Budgeting for Your Best Future
If you’ve worked with us to execute a consumer proposal, you may be eager to stay on the right financial track. We are thrilled you’ve been able to find debt relief solutions and want to help you keep your momentum towards financial freedom.
Our Licensed Insolvency Trustee has worked with people in all types of financial situations. Although each case is different, we always recommend one piece of advice for everyone: learn the foundations of a good budget. There are many budgeting apps out there for you to keep track of your spending. We want to share with you the main rules for how to categorize and plan your spending so, budget calculator or not, you continue working towards your best financial future.
The key to every budget is knowing how much you spend from month to month. With multiple bills coming in, from interest payments to subscriptions, it’s easy to lose track of how much money goes out. We recommend organizing your expenses into categories that include:
- Debt Payments
This exercise is a good starting point for evaluating the areas where most of your expenses are found each month. Do what will be the most helpful for you to understand your overall financial situation. For example, you may need to add categories because of your unique situation, such as child support payments or pet care costs.
The 50/30/20 Budget Rule
Now with your expenses organized, the next step is to determine if you can achieve a healthy budget that follows the “50/30/20” rule. This budget rule is a simple way to help you categorize your monthly expenses while working towards a better savings plan. For this rule, review the monthly expense list you created and organize it into three main areas: needs, wants, and savings.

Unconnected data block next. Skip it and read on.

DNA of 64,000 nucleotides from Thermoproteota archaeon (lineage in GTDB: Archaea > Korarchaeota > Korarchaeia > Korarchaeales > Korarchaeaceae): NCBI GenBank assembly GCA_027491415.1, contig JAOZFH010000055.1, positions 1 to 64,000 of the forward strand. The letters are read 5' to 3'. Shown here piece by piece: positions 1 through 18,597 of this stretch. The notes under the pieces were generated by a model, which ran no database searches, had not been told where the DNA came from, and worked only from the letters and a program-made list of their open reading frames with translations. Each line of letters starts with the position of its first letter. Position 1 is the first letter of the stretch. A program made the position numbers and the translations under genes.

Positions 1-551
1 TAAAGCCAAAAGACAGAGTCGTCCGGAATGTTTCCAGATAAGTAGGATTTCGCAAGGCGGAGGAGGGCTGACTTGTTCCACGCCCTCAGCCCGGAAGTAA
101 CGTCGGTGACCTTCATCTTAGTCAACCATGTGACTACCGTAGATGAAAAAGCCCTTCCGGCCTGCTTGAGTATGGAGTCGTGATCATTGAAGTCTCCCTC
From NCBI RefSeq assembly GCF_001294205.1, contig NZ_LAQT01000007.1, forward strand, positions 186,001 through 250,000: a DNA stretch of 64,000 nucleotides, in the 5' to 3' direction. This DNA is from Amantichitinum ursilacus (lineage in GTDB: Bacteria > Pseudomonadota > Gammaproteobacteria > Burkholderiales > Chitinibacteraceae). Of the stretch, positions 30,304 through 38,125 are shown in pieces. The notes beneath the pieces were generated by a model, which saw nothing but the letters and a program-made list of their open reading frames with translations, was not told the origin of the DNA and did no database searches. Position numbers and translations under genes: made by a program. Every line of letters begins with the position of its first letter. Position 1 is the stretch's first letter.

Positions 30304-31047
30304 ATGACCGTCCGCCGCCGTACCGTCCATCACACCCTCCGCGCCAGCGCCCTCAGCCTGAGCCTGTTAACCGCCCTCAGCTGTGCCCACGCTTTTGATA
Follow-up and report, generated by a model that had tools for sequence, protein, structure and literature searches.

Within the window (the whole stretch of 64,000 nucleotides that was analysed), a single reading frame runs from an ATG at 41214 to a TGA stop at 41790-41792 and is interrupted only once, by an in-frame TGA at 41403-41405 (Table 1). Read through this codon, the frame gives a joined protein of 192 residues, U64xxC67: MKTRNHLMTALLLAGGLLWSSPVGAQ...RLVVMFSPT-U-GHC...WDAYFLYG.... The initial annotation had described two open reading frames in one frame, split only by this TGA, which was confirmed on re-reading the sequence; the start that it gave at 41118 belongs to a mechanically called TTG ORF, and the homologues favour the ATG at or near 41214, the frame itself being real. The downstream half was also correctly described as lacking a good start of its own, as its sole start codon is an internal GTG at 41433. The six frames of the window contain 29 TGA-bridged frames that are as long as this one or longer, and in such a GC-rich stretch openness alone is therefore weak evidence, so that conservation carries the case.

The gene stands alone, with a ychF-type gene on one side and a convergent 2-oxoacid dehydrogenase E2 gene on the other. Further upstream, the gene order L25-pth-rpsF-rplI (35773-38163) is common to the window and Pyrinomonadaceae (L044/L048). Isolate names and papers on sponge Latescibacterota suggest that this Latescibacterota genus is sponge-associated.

According to the budget rule, 50% of your income should go towards your basic needs. Your expenses under the category of housing, such as your mortgage or rent payments and any home maintenance costs, are considered a need. Other needs include utilities like hydro and water, groceries, car and debt payments, and insurance. If you have health care costs such as prescriptions or physiotherapy, include them here. You may have other essentials including baby formula, diapers, or childcare costs. And don’t forget to include transportation expenses like gas or bus fare.
The second category, known as your wants, should reflect 30% of your monthly budget. These are the items or services you can live without (but do make life better!): takeout from your favourite restaurant, monthly subscription services like Netflix, weekly coffee runs, or a gym membership. For most of us, this category tends to fluctuate from month to month, especially during summer vacation or the holiday season where we may be spending more. Having a cap of 30% for your wants can be a practical way to monitor your spending and keep you within your budget. This is also the category with the most flexibility. For example, you may want to lessen the percentage of what you spend on your wants to make up for higher debt repayments in your needs category.
The third category is your best strategy for a better financial future. With more than half of Canadians living paycheque to paycheque, many do not have protection from a shortfall. Using this budget rule, you should put 20% of your after-tax income into savings such as your emergency fund and your retirement funds. Under this category, you can save additional money for your debt repayments that go beyond the minimum payments included in the needs category. We encourage you to commit to 20%, even if it means having to reduce some of what you spend in your wants category. You’ll be grateful you did when you have savings to rely on if your circumstances change.
With a solid understanding of how to budget, you will be on your way to a brighter financial future! Reach out to a Licensed Insolvency Trustee at Crawford, Smith & Swallow Inc. to learn more about our debt relief services.